Rebel Wilson's record defamation payout in Australia slashed by millions to £340,000

Rebel Wilson's record defamation payout in Australia slashed by millions to £340,000

But regardless of how much in damages she's awarded, Wilson said she still considers herself a victor.

The magazine publisher sued by the actress for defamation after they posted a series of articles claiming she'd lied about her name, age and upbringing in Sydney, appealed that the 4.6million Australian dollars (£2.5million) they'd been ordered to pay out was 'excessive'.

Victorian Supreme Court Justice John Dixon subsequently awarded Wilson $650,000 in general damages and $3.97 million in special damages, saying the defamation was "unprecedented in this country" and warranted "a substantial damages award to vindicate her and nail the lie".

Last year Wilson won a case against publisher Bauer Media over articles that she said had wrongly portrayed her as a serial liar.

Wilson was not in court for the ruling in Melbourne this morning.

The "Pitch Perfect" star - who said she planned to donate the damages to "charity, scholarships or [investment into] the Aussie film industry" - wrote on Wednesday: "As I've said before, I have already WON the case and this is UNCHALLENGED!"

The magazine publisher appealed against what was the largest defamation win in Australian legal history, arguing the size of the settlement set a unsafe precedent and there were errors of law in the judgment.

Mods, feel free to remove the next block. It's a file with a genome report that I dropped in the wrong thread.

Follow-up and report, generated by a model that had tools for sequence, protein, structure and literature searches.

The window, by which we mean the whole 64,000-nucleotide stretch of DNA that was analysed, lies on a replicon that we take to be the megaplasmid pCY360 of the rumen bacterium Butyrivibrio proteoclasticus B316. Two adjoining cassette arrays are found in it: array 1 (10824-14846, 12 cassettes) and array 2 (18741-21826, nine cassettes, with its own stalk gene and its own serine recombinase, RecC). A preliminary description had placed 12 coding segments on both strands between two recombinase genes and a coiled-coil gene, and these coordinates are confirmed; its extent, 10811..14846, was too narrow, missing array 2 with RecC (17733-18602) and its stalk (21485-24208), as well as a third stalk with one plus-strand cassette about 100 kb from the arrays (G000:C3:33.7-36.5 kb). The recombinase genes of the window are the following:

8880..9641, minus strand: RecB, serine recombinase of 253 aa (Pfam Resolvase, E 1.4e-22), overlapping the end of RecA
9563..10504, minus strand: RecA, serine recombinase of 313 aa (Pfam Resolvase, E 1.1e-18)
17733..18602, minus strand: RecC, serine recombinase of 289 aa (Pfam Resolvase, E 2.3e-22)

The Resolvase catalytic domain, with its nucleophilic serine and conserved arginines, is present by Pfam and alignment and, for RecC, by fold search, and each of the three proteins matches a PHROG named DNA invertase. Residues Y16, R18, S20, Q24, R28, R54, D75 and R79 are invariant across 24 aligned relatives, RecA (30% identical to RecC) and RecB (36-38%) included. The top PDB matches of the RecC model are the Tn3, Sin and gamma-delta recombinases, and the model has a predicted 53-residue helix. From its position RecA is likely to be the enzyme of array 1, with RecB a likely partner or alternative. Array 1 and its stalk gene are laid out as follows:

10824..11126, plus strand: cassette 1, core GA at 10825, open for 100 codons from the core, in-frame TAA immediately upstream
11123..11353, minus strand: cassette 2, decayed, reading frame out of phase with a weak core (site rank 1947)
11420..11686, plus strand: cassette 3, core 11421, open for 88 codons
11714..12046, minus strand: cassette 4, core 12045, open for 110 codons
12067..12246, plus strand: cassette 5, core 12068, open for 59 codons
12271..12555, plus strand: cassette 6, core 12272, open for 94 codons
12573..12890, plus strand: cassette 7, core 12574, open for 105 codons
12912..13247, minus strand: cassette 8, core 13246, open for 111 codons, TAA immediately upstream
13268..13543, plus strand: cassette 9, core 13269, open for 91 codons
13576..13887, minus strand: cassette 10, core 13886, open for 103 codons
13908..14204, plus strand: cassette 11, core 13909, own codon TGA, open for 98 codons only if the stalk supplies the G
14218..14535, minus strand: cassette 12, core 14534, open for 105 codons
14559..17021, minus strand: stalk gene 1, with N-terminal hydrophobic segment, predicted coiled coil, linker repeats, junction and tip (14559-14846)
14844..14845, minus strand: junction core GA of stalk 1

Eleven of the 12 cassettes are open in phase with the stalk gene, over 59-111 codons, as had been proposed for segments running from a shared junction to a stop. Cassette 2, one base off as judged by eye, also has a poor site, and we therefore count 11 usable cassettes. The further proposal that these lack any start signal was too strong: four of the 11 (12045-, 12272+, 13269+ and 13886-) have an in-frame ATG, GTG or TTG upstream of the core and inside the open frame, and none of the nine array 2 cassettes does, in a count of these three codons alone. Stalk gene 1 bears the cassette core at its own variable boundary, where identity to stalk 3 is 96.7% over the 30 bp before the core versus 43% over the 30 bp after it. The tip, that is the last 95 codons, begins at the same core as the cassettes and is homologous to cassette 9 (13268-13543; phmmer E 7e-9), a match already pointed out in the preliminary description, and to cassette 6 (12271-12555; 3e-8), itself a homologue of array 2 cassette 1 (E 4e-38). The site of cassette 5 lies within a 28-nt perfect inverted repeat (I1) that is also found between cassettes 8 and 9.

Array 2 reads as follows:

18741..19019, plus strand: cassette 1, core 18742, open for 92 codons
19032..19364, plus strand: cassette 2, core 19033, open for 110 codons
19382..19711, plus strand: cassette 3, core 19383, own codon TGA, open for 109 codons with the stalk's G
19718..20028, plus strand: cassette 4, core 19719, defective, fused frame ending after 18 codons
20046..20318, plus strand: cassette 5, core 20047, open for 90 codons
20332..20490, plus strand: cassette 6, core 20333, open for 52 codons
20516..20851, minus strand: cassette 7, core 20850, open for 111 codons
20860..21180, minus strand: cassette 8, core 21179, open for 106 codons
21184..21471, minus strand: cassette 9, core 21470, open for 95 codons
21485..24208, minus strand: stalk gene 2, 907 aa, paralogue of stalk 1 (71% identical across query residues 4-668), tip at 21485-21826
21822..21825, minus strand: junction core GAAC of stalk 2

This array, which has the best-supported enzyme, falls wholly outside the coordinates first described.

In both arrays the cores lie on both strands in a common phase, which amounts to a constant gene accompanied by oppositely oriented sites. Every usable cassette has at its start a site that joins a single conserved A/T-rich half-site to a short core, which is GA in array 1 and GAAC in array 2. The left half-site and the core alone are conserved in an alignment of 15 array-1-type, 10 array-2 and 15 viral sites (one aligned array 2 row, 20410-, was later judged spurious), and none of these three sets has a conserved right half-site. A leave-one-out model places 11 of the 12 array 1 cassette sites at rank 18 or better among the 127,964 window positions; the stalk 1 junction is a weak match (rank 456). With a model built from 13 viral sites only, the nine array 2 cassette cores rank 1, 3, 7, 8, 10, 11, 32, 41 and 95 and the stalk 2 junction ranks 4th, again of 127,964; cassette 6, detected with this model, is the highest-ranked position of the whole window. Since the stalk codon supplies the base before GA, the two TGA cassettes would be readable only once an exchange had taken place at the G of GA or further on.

But Bauer, backed by a host of large Australian media companies, appealed the decision in February, arguing the damages bill was too high.

'While this case was never about the money for me, I do hope to receive as much as possible to give away to charities and to support the Australian film industry'.

Wilson, 38, is in Europe filming and was not in court.

Wilson said in April that she and her legal team were "very confident" the original defamation payout would be upheld.

But the Court of Appeal found there was no basis for her to be awarded financial damages for the potential loss of roles, setting aside the economic damages entirely. "This case was never about the money for me", she added.

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